Chicago Automobile Trade Association

Smartphones now replacing key fobs

May 3, 2019
The time is coming to say goodbye to car keys and fobs, as they are made redundant by new technology. And two brands, Lincoln and Hyundai, are leading the charge to modernize the business of opening and operating a car.    
At the recent New York auto show, both Lincoln and Hyundai revealed new models — respectively, the Corsair crossover and the Sonata sedan. Both are remarkable for their striking designs and profusion of driver aids and safety systems. But they also stand out for being the first production cars to allow owners to use their smartphones to access and operate their vehicles and leave their keys and fobs at home.
Lincoln dubs its system "phone-as-a-key technology" and uses an app that lets Corsair owners use their smartphones to lock and unlock their car doors, open the lift gate, and start and drive the vehicle. The phone app echoes the key fob in other respects, too; it can be linked to a personal driver profile that can automatically adjust up to 80 features to an owner’s preference, including seat, mirror and pedal positions.
Lincoln claims it has considered all the ways the smartphone key system could go wrong. For instance, if the owner’s phone battery dies, the Corsair’s standard number pad (mounted on the outside of the B pillar) can give access to the cabin. And the center touchscreen can be used to start and drive the vehicle. If the owner’s phone is lost or stolen, then the app can be deleted.
Though the Corsair shares its platform with Ford’s new Escape, the Lincoln’s highly sculpted sheet metal and its interior design are quite different. And Lincoln says the phone-as-a-key system will not be shared with the Escape or other Ford products.
 
The 2020 Corsair hits showrooms this fall.
In Hyundai’s case, the 2020 Sonata is a mid-size sedan that also goes on sale this fall. It does not have a Lincoln-style touch pad in case of phone problems, but it does come with a card embedded with near field communication (NFC) technology as a backup to the phone app. The NFC card is designed to be useful when using a valet service or visiting a dealership. Beyond that, the Sonata system permits owners to share the ‘digital key’ with friends and family using their own phones.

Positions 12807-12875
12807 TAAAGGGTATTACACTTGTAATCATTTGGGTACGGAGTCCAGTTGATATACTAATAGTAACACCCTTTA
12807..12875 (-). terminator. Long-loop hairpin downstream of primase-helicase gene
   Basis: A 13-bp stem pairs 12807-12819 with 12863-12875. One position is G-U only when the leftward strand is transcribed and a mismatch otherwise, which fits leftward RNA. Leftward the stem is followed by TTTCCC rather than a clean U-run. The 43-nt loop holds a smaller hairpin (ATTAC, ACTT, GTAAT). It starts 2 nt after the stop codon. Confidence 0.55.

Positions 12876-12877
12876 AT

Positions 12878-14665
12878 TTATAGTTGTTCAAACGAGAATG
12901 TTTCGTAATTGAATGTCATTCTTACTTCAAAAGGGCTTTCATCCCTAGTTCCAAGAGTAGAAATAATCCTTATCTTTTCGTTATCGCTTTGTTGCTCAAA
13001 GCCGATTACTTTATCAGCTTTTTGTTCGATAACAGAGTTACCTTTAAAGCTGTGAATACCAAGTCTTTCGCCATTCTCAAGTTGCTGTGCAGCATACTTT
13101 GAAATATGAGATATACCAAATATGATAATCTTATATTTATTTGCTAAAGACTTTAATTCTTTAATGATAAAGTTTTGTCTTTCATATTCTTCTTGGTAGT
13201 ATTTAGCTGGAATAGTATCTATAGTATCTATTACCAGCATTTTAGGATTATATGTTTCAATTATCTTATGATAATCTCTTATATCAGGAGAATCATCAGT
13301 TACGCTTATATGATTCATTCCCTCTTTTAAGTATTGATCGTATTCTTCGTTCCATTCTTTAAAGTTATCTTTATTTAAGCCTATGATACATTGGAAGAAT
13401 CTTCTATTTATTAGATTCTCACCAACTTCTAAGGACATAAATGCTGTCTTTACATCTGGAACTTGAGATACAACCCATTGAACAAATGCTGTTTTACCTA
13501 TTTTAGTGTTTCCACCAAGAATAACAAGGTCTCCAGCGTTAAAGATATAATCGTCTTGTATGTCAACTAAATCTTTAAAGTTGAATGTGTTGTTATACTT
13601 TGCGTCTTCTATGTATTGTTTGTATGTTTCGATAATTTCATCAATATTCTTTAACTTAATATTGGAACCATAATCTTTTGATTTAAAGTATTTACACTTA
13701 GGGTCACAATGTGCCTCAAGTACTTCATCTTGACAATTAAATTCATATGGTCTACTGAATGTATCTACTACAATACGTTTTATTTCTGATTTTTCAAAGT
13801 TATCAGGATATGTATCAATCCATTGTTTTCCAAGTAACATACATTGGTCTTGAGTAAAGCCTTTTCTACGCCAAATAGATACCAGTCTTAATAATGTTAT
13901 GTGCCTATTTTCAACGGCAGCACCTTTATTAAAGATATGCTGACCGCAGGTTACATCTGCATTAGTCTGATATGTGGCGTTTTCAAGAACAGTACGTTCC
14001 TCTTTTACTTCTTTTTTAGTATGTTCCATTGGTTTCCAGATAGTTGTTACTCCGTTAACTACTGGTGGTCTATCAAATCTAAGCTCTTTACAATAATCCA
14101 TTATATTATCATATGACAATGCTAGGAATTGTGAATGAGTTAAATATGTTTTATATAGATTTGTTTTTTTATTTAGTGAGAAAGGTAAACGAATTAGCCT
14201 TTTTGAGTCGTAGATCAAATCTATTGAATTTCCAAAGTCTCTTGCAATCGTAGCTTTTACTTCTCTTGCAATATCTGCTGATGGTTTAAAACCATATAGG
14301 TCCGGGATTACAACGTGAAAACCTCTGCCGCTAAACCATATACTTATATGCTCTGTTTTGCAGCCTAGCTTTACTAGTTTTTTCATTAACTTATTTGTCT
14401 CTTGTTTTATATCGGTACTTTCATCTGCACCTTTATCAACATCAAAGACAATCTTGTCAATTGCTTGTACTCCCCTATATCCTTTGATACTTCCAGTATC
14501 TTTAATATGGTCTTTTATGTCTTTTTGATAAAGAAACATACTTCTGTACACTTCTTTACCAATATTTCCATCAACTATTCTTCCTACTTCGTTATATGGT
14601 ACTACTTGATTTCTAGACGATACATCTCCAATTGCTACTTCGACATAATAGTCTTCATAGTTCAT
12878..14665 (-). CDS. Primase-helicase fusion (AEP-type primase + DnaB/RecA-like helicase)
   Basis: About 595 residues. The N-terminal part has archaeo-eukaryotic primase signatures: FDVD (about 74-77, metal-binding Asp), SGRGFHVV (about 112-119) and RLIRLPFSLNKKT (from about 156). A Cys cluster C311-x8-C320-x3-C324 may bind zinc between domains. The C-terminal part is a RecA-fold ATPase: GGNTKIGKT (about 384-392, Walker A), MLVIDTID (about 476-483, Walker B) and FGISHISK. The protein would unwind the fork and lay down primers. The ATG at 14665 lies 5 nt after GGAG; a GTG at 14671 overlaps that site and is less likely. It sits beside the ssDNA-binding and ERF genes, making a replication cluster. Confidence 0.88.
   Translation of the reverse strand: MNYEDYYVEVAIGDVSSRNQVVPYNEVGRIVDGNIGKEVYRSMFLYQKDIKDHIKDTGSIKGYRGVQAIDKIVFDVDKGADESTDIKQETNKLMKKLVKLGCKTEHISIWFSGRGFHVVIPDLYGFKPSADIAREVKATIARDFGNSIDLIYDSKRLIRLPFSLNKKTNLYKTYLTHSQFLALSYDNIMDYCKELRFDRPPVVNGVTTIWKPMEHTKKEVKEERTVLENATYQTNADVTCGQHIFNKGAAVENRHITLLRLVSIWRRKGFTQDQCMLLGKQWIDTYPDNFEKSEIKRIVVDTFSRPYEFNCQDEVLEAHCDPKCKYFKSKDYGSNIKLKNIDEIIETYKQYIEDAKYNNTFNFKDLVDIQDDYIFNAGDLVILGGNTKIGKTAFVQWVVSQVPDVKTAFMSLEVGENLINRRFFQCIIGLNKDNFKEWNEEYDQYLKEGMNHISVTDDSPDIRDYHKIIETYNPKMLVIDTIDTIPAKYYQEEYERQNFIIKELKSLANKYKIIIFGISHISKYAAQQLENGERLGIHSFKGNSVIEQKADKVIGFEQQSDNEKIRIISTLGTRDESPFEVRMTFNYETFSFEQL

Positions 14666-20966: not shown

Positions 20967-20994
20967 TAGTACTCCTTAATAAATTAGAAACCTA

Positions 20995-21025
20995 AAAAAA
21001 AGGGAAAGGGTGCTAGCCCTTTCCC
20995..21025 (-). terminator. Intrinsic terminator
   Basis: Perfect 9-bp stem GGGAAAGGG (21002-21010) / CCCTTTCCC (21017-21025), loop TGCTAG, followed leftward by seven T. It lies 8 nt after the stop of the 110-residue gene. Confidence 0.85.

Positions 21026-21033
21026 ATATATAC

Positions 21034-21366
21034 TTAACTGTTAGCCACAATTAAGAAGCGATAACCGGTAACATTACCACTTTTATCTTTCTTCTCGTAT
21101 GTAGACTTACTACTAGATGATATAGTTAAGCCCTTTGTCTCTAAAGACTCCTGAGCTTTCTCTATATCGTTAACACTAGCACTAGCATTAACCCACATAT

The level of access to different vehicle functions can be tailored to each shared key user for a defined period. The vehicle owner can preset the duration of vehicle use or limit the use to only certain features when loaning the vehicle, and keys can be revoked remotely.
The prospect of smartphone access to a vehicle might sound risky to consumers, but Hyundai’s director of digital business planning, Manish Mehrotra, said he feels confident that the system is secure. "We have multiple layers of encryption and security protocols designed into the system," he said.
 
With Lincoln and Hyundai dipping their toes into the key-less era, other automakers are expected to follow suit over the next few years. In time, consumers will be able to stop asking that age-old question: Where did I leave my car keys?
 
 

Back

 
Copyright © 2010 Chicago Automobile Trade Association. All Rights Reserved.